Yacimovich: Liberman intervened during probe

Labor leader says Liberman intervened in police, courts during investigation; presents plan to stop corruption at conference.

December 16, 2012 21:18
2 minute read.
Shelly Yacimovich at Labor Central Committee

Shelly Yacimovich at Labor Central Committee 370. (photo credit: Marc Israel Sellem/The Jerusalem Post)


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Labor leader Shelly Yacimovich presented a detailed plan to prevent connections between government officials and the wealthy on Sunday, following Foreign Minister Avigdor Liberman’s resignation.

Yacimovich opened the Labor party conference in Tel Aviv by saying that the initiative was not personal and not targeted only at Liberman, but was meant to be a discussion of the future of Israel and its norms.

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”This isn’t a popular subject, but we’re discussing it because it’s important and we’re concerned. There needs to be equality before the law,” she stated. “Why should senior government officials get plea deals with luxury conditions?” Yacimovich added that even if someone is not convicted following an indictment, that does not mean he or she is “white as snow,” and called for the public to continue to be critical of such people.

According to Yacimovich, the government in the past few years attacked the rule of law by weakening the courts, the police and the State Comptroller’s Office.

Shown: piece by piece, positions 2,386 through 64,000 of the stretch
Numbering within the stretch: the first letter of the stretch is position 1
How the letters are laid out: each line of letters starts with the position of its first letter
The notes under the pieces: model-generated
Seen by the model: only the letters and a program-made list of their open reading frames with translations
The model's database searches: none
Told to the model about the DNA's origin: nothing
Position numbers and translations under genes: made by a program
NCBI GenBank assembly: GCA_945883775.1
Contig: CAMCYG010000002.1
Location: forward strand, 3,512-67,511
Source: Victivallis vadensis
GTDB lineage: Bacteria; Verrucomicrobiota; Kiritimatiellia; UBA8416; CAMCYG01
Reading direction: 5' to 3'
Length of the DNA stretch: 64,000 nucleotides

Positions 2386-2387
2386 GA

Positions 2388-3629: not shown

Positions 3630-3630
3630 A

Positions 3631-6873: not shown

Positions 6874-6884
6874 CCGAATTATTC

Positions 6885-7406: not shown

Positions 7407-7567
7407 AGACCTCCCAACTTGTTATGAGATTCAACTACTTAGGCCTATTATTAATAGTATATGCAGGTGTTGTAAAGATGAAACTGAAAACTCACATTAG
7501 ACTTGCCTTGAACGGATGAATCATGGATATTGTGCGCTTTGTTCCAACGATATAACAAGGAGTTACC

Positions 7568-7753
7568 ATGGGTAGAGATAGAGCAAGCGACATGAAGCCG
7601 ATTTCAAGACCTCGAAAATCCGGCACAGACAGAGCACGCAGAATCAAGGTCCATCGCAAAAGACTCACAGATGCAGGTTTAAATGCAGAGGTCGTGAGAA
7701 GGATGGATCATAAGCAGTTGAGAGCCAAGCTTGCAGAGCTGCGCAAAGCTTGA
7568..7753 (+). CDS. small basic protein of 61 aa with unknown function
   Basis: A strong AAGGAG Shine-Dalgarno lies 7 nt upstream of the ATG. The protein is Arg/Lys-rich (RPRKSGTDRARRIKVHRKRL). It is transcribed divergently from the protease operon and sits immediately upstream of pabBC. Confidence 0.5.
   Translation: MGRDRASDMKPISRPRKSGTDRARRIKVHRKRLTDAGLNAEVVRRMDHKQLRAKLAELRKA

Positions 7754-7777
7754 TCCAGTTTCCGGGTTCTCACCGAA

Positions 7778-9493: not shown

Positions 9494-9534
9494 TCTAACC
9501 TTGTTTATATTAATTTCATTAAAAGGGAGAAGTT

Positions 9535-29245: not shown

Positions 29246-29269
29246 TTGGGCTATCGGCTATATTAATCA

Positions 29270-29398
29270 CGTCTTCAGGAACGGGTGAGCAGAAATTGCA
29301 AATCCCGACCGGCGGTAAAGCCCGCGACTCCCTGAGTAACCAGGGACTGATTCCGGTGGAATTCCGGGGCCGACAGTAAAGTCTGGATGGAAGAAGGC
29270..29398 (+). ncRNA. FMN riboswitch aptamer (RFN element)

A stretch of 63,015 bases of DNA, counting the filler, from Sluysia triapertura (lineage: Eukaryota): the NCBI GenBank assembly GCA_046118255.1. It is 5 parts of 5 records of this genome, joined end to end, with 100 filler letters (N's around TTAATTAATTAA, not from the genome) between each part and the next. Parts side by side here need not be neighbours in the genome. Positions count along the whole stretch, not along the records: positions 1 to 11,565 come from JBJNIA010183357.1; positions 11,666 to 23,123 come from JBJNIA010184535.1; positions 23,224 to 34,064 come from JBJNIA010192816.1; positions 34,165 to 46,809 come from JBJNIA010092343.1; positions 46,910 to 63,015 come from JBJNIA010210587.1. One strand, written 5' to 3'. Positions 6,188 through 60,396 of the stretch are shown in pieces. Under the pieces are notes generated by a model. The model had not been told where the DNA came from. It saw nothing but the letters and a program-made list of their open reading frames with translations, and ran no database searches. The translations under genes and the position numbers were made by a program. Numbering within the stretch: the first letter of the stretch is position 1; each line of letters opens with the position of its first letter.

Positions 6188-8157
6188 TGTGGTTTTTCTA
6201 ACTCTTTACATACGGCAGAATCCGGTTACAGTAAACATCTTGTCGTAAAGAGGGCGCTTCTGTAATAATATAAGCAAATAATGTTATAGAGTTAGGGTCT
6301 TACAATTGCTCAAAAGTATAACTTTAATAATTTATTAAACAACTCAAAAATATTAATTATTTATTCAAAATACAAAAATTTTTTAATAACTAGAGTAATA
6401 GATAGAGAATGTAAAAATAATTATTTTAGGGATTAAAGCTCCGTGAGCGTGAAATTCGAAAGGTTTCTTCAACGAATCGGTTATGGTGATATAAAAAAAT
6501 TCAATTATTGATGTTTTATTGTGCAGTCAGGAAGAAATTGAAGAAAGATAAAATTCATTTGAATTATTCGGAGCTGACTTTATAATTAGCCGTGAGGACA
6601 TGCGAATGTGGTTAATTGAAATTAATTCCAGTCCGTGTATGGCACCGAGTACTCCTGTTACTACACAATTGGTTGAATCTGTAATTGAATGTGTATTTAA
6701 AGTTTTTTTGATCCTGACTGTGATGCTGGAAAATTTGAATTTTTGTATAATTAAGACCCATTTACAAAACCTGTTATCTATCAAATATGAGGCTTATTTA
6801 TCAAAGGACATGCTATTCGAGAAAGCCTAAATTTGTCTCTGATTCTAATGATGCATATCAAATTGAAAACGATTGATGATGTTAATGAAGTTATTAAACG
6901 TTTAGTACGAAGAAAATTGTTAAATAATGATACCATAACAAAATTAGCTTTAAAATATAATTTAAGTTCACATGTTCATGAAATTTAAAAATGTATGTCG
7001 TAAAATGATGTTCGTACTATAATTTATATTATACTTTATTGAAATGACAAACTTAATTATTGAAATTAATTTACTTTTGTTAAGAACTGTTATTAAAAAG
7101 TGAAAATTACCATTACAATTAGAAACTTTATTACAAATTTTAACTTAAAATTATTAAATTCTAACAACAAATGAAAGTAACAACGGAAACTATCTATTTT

The Labor leader pointed out that, while Liberman was being investigated, he was responsible for selecting the justice minister; the head of the Knesset Constitution, Law and Justice Committee; a representative to the Judicial Selection Committee; and, indirectly, the chief of police, because Public Security Minister Yitzhak Aharonovitch is in Yisrael Beytenu.

Former police chief Moshe Mizrahi expressed concern that the public has become used to government corruption trials, and is no longer bothered by them.

“Even if it is not a criminal action, there are things happening that should not take place in a civilized country,” Mizrahi said, mourning the loss of “normative judgment.”

Knesset candidate Miki Rosenthal, a former investigative journalist who specialized in corruption cases and the connection between government and wealth, presented Labor’s plan to make the phenomenon less prevalent.

One of the party’s suggestions to prevent corruption and bolster the rule of law is to strengthen the courts and minimize political influence on them by taking steps such as separating the courts from the Justice Ministry and anchoring a seniority system for judges.

Labor also called for protection for whistle-blowers, as well as an additional 4685 police officers over the course of five years to fortify the police.

In addition, the party hopes to pass a law requiring politicians to disclose their interests to promote further transparency and freedom of information.

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